Religious Tolerance. This site, based in Ontario, Canada, is jam-packed with information about the world’s well-known faith traditions as well as the less-well-known smaller religions. The site states: “Almost all other religious web sites explain only the beliefs of the webmaster or sponsoring faith group. We are different: we try to explain accurately the full diversity of religious beliefs, world views, and systems of morality, ethics, and values.”

Sojourners. Sojourners is a national Christian organization committed to faith in action for social justice. We seek to inspire hope and build a movement to transform individuals, communities, the church, and the world. With a 40-year history, Sojourners is a nonpartisan leader that convenes, builds alliances among, and mobilizes people of faith, focusing on racial and social justice, life and peace, and environmental stewardship.

Teaching Tolerance is a project of the Southern Poverty Law Center. As the name suggests, it’s about teaching the values of tolerance, inclusiveness, unity and understanding in the midst of social diversity. Religious diversity isn’t its prime focus. But the principles laid down as it addresses racial, ethnic, gender, economic and a vast array of other things that divide us as a society are also applicable to and essential for improving interfaith relationships. For those who deal with the instruction of youth, there’s a lot of excellent material here. And it applies to adults as well.

The Guardian’s Belief Section. Lest anyone think that religious news comes from only one source in the UK, please be disabused of that notion immediately by checking out the “Comment Is Free Belief” section of The Guardian. It has subsections for Islam, Judaism, atheism and other perspectives.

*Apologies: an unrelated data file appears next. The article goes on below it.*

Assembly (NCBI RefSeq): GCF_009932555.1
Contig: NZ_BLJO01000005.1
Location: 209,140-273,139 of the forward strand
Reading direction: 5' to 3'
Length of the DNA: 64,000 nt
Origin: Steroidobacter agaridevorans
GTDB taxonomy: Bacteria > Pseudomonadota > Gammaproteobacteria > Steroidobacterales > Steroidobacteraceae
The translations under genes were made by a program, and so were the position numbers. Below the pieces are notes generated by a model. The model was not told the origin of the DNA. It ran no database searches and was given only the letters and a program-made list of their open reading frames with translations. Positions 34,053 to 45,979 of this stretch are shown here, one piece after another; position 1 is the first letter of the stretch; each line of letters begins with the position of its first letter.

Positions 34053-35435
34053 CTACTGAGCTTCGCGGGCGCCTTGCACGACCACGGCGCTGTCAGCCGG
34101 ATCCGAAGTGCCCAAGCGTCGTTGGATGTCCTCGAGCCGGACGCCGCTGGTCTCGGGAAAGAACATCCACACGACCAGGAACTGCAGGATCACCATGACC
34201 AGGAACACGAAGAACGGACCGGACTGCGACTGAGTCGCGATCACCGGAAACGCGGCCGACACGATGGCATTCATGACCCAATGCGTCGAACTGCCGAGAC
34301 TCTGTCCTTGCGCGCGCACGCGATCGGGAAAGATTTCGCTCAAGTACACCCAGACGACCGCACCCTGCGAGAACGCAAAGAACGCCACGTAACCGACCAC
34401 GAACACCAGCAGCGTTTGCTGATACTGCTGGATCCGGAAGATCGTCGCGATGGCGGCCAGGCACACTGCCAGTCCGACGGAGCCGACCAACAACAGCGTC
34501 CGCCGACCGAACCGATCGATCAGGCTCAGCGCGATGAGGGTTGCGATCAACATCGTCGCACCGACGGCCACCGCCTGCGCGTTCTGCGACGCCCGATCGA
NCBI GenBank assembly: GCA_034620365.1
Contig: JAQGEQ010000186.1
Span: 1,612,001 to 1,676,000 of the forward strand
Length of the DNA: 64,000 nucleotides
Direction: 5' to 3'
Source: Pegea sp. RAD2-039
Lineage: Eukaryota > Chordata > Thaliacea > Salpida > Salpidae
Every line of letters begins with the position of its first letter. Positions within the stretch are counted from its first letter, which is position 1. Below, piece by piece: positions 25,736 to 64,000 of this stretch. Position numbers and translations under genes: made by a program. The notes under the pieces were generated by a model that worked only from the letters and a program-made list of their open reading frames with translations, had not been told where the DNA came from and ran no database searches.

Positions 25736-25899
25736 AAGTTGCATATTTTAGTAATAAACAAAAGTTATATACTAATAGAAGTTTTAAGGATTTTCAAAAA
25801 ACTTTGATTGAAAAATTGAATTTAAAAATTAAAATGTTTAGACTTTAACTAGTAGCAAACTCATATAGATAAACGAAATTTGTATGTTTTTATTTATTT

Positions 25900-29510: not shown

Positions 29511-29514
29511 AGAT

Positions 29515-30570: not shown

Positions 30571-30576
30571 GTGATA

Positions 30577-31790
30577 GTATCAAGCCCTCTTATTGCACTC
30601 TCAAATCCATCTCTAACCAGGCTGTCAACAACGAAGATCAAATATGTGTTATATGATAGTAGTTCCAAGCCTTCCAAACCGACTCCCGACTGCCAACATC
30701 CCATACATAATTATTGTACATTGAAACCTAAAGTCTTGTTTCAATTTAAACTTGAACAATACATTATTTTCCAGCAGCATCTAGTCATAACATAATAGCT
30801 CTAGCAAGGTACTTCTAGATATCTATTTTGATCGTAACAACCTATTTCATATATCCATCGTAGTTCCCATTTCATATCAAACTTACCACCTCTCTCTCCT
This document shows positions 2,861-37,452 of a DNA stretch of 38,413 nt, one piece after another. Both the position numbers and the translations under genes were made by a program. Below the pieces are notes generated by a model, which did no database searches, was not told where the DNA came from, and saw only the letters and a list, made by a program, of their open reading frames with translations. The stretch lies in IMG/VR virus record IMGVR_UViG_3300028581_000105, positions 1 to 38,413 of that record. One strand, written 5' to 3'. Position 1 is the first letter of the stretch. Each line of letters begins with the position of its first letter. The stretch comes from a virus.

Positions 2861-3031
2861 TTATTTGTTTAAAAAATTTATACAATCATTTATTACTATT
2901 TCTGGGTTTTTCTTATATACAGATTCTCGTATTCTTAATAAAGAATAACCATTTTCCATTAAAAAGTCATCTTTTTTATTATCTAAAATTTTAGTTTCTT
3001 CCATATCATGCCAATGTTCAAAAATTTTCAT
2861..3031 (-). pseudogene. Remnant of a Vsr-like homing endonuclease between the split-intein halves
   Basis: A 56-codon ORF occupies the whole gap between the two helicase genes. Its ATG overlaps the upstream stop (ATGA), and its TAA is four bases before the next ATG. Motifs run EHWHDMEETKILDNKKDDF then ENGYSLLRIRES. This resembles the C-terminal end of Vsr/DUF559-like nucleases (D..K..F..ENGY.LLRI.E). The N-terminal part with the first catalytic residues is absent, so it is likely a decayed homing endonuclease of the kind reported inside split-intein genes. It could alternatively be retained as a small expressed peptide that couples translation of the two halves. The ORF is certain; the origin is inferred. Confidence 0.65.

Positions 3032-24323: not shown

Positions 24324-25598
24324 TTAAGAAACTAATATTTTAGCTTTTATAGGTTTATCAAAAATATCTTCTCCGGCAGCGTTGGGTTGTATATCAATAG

The New York Times Religion and Belief website features: “News about religion and belief, including commentary and archival articles published in The New York Times.” It has an excellent search engine as part of the website. It’s great for the serious researcher or for the casual explorer of the world of religion.

The Telegraph’s Religion Section. It’s nice to occasionally read material that’s written from a different national perspective and from within a different spiritual and cultural milieu. The British publication The Telegraph provides just such variety. Check it out at

The Washington Post’s “On Faith.” If you’re interested in news and opinion from a religious perspective–or even from an openly atheist perspective–“On Faith” is a great resource. The entire faith spectrum is represented, as is the liberal-conservative spectrum within the various faith traditions. 

United Diversity. “United Diversity’s purpose is to improve quality of life on Earth whilst simultaneously reducing ecological footprint. We do this by helping people to discover, contribute to, and replicate intelligent responses to climate, energy and economic uncertainty. Using technologies of cooperation, we support social change organisations in their quests for peace, justice and sustainability by helping them to tap into the wisdom of crowds and harness the wealth of networks.”

Virginia Center for Inclusive Communities. “The Virginia Center for Inclusive Communities works with schools, businesses, and communities to achieve success by addressing prejudices, in all forms, in order to improve academic achievement, increase workplace productivity, and enhance local trust. Through workshops, retreats, and customized programs that raise knowledge, motivation, and skills, VCIC develops leaders who work together to achieve success throughout the Commonwealth.”

Worldwide Religious News.  “WorldWide Religious News ( is a non-profit service providing the international academic and legal community with up-to-date religious news from around the world. . . . WWRN news articles and information are researched and compiled daily, encompassing a wide array of religious topics currently highlighted in the international news media, with a particular focus on religious freedom, church and state issues, governmental legislation as it relates to religious organizations, as well as new religious movements (NRMs).” One helpful feature is the ability to search for news in specific world regions and subsections of those regions, which can save having to wade through reams of information not pertinent to the reader’s specific interests.